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A conductor shields its inside from its outside but not vice-versa

  1. Feb 19, 2015 #1
    A point charge outside a hollow conducting sphere will produce no field in the hollow interior: the metal shields the interior. But a point charge inside the hollow interior will produce a field outside: the same metal ceases to act as a shield. Why is this?

    (In particular, aren’t “inside” and “outside” just matters of perspective? Why can’t I think of the sphere as enclosing the rest of the Universe, instead of the small spherical region?)
  2. jcsd
  3. Feb 20, 2015 #2


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    Staff: Mentor

    The field "far away" is always given by the total charge of your system - shielding cannot change this total charge, and far away is not a matter of perspective, you can measure it.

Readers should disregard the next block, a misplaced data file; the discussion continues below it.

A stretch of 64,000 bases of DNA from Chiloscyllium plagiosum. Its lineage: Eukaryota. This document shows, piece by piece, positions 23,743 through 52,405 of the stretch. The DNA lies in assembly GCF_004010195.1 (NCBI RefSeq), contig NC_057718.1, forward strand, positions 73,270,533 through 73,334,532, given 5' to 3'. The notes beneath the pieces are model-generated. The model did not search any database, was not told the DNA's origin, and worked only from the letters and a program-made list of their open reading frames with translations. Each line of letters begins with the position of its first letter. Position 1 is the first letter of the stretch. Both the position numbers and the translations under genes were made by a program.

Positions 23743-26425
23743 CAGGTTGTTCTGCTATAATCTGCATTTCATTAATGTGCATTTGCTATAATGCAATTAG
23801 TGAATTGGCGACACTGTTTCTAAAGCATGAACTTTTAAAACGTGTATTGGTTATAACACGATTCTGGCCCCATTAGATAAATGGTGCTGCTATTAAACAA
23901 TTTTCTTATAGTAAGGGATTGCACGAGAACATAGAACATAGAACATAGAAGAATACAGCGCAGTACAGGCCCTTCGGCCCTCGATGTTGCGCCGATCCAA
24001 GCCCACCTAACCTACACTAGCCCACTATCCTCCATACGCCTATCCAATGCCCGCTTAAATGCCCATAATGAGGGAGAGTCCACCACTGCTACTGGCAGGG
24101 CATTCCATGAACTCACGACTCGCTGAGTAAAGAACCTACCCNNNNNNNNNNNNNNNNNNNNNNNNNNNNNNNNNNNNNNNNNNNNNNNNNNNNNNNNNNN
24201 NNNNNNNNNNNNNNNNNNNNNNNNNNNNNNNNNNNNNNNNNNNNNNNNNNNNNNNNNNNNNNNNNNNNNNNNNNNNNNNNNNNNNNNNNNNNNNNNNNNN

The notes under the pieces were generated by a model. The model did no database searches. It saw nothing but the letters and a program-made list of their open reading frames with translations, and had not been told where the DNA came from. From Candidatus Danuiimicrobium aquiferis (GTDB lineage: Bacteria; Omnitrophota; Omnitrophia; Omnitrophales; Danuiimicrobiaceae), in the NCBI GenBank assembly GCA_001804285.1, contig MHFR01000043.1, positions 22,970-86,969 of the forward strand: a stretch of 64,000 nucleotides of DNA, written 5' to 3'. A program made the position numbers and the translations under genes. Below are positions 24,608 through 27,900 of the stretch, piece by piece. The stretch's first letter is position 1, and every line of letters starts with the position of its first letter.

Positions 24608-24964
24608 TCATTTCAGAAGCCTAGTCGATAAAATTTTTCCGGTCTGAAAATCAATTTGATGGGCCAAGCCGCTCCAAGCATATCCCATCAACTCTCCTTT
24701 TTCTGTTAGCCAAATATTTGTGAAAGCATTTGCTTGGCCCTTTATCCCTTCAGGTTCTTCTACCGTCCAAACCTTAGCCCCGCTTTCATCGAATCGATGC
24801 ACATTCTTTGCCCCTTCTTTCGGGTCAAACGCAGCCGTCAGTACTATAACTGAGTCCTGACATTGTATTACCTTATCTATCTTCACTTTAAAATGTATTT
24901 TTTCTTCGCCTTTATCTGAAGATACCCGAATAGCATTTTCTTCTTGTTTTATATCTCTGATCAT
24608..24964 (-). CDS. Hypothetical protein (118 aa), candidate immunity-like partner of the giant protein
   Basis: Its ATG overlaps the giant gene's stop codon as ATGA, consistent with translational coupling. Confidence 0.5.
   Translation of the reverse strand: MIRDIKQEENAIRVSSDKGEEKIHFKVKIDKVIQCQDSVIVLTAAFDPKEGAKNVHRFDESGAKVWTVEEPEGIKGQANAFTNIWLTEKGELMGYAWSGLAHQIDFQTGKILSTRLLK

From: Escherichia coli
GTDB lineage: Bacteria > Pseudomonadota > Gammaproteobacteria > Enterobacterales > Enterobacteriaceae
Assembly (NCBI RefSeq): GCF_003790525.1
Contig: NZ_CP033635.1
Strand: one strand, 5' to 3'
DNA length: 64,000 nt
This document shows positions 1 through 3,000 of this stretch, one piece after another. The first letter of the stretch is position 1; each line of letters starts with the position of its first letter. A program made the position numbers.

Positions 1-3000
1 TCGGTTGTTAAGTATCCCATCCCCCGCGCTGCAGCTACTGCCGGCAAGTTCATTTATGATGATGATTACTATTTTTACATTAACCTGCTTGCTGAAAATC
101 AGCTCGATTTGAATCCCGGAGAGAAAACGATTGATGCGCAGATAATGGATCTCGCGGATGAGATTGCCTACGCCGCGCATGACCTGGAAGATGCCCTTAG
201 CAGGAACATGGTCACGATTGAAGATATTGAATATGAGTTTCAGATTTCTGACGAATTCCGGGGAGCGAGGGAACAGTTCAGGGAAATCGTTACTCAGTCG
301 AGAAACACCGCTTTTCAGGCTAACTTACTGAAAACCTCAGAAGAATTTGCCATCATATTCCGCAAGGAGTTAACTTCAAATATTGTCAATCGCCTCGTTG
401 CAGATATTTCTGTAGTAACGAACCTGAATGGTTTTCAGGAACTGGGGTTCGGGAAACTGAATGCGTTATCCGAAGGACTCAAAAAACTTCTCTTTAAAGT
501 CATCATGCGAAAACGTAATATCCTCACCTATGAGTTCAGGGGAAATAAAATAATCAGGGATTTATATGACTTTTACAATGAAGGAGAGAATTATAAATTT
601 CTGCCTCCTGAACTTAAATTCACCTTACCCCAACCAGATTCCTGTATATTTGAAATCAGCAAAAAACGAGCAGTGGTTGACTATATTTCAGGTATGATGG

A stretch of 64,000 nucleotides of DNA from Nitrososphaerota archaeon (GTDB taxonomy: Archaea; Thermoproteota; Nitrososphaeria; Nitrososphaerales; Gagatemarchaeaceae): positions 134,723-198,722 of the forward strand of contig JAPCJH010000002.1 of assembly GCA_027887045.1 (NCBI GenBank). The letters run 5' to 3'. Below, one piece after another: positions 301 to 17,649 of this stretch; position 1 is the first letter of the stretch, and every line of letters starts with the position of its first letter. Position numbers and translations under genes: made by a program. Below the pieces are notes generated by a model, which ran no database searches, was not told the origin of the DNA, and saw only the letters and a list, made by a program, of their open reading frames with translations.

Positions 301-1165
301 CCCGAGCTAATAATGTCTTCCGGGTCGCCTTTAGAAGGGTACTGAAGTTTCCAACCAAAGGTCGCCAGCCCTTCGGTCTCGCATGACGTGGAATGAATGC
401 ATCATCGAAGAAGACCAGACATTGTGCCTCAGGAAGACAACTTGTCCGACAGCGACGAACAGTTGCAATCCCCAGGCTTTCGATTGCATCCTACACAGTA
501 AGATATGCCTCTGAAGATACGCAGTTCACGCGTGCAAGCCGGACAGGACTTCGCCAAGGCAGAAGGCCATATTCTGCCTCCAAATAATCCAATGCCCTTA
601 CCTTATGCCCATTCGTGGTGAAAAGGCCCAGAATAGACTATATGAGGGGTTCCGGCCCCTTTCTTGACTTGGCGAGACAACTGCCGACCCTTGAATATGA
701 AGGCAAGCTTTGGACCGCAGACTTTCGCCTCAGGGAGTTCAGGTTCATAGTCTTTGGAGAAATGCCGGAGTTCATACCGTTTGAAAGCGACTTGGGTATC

Shielding inside works as this is just a local change in the field geometry, something that can happen via local rearrangements of charges.

    (In a hypothetical closed universe (with a finite volume), shielding the outside region could work if you want to wait hundreds of billions of years. Most experiments don't wait that long.)
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